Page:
YOU ARE HERE: LAT HomeCollections

Real Estate Law

Can Error by Lender Result in Foreclosure?


Since 1997, Paul made on-time monthly payments on his home loan to mortgage lender Chase Manhattan Mortgage Corp. But in August 2000 he stopped making payments after he received a letter from Chase acknowledging his mortgage payoff.

Through a Chase customer service representative, Paul notified Chase of its error. However, on Aug. 15, 2000, Paul received a check from Chase for an escrow refund. On Oct. 12, 2000, Chase recorded a satisfaction of mortgage.

But on Nov. 14, 2000, Chase sent Paul a "loan reactivation" letter with a new loan number on which to make payments. During this time, Paul placed his regular monthly payments into a bank account, which he later transferred to his attorney's trust account.

As a result of Paul's failure to resume payments to Chase, Chase notified the credit bureaus about Paul's default status and began foreclosure. In April 2001, Chase's attorney advised Paul to resume payments to Chase. Chase recorded a Vacatur, Revocation and Cancellation of Satisfaction of Mortgage. When Paul asked for a copy of the original promissory note, Chase was unable to find it.

Paul sued Chase for violation of the federal Fair Debt Collections Practices Act, slander of credit and declaratory relief. Chase filed a counterclaim for foreclosure and reestablishment of the lost promissory note.

If you were the judge, would you reinstate the mortgage or allow Chase to proceed with foreclosure for nonpayment? The judge began by explaining Chase does not have a right to foreclose on Paul's home because Chase erroneously recorded its mortgage satisfaction, followed by recording of the Vacatur, Revocation and Cancellation of Satisfaction of Mortgage. Such action was improper without court approval, the judge noted. However, Paul is not blameless, the judge continued, because he should have paid the disputed payments to the court (rather than to his attorney's trust account). Paul claims he attempted to make the payments to Chase but was refused because there was no mortgage loan number upon which to apply the payments, the judge noted.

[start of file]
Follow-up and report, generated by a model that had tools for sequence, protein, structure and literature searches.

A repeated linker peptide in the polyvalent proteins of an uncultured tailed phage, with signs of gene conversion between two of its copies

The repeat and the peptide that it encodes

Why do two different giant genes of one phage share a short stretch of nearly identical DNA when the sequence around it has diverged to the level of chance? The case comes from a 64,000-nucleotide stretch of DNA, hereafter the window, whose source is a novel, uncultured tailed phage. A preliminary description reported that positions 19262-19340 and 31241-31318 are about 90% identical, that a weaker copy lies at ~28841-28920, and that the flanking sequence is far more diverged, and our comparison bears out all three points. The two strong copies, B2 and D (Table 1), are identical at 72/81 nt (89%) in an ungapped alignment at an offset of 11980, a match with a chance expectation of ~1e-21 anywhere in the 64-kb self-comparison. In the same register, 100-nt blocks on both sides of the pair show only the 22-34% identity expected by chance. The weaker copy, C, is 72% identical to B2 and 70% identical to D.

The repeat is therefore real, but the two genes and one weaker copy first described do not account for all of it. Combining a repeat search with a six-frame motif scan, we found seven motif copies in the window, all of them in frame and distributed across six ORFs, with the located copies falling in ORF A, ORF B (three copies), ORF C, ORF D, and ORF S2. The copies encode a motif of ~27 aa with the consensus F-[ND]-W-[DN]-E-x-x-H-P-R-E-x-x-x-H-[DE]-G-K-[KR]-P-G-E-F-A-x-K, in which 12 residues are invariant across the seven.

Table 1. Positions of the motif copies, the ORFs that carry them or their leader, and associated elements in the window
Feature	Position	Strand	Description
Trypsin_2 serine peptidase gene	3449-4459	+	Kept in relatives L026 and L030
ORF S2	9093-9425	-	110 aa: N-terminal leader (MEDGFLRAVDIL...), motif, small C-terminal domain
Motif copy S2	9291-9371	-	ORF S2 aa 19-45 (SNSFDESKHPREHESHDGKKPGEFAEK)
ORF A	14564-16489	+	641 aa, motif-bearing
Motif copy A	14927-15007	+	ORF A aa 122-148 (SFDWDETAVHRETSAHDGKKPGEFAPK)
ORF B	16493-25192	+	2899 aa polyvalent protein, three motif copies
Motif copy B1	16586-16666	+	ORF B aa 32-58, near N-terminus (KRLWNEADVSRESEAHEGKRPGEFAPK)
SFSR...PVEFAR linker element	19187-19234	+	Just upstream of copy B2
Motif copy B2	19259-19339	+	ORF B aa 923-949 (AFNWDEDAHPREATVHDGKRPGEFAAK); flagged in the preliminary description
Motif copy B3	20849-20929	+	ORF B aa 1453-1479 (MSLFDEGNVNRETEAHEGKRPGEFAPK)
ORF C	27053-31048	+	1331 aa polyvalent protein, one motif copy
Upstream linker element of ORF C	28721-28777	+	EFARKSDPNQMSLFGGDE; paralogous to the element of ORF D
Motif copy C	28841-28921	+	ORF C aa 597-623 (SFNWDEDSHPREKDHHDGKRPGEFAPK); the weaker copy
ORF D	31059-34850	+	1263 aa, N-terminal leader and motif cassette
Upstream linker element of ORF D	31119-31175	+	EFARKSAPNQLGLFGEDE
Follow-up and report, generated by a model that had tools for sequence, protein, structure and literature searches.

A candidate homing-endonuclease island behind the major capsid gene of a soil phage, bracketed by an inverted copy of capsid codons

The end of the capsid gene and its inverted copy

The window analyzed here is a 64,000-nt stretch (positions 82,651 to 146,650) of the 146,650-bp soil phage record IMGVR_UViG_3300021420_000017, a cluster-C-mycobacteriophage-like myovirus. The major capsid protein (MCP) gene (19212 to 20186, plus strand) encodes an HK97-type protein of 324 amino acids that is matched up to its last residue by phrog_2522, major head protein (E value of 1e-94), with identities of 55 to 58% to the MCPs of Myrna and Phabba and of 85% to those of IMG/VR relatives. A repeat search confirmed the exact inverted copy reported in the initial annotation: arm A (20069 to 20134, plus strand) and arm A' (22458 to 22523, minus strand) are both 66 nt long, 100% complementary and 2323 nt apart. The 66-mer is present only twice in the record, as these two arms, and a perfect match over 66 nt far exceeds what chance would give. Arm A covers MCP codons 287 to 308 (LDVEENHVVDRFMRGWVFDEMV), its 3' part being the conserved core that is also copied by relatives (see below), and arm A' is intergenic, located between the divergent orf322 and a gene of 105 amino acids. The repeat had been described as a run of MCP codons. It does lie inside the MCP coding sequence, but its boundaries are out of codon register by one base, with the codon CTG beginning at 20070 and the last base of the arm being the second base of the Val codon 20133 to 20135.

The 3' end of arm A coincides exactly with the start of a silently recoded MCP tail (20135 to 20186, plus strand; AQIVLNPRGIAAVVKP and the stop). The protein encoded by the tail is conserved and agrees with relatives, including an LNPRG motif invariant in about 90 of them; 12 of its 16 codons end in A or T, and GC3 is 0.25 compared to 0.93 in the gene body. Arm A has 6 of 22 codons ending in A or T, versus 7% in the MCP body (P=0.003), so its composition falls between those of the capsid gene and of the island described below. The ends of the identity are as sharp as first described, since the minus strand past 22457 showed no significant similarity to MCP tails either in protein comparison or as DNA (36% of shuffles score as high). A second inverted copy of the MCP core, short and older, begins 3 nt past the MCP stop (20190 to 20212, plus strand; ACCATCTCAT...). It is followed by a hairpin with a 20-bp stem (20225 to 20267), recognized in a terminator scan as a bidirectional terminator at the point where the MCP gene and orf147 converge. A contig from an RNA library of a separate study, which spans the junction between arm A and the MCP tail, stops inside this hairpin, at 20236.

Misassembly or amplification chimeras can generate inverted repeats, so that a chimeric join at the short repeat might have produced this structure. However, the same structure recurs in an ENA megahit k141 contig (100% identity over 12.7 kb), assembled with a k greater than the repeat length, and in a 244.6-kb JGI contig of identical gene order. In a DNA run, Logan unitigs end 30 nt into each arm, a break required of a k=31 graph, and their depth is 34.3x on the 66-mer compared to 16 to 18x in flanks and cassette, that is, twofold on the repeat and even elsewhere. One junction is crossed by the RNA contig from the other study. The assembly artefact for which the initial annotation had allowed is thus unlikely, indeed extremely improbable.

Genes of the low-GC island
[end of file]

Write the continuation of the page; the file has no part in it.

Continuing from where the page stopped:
Equity requires a balancing between Chase's right to a security interest in Paul's home and Paul's attempts to make timely payments, the judge explained. Therefore, Chase's request to foreclose is denied, the judge ruled.

Evidence shows Chase held a promissory note signed by Paul in 1997, which Chase has lost, the judge continued. The court will reestablish Chase's note and the recorded mortgage through a Vacatur, Revocation and Cancellation of Satisfaction of Mortgage, he added.

Paul is ordered to tender all previously escrowed mortgage payments to the court within 10 days and shall henceforth resume monthly payments to Chase under the reestablished promissory note and mortgage, the judge concluded.


Based on the 2002 U.S. District Court decision in Cherry vs. Chase Manhattan Mortgage Corp., 190 Fed.Supp.2d 1330.

Los Angeles Times Articles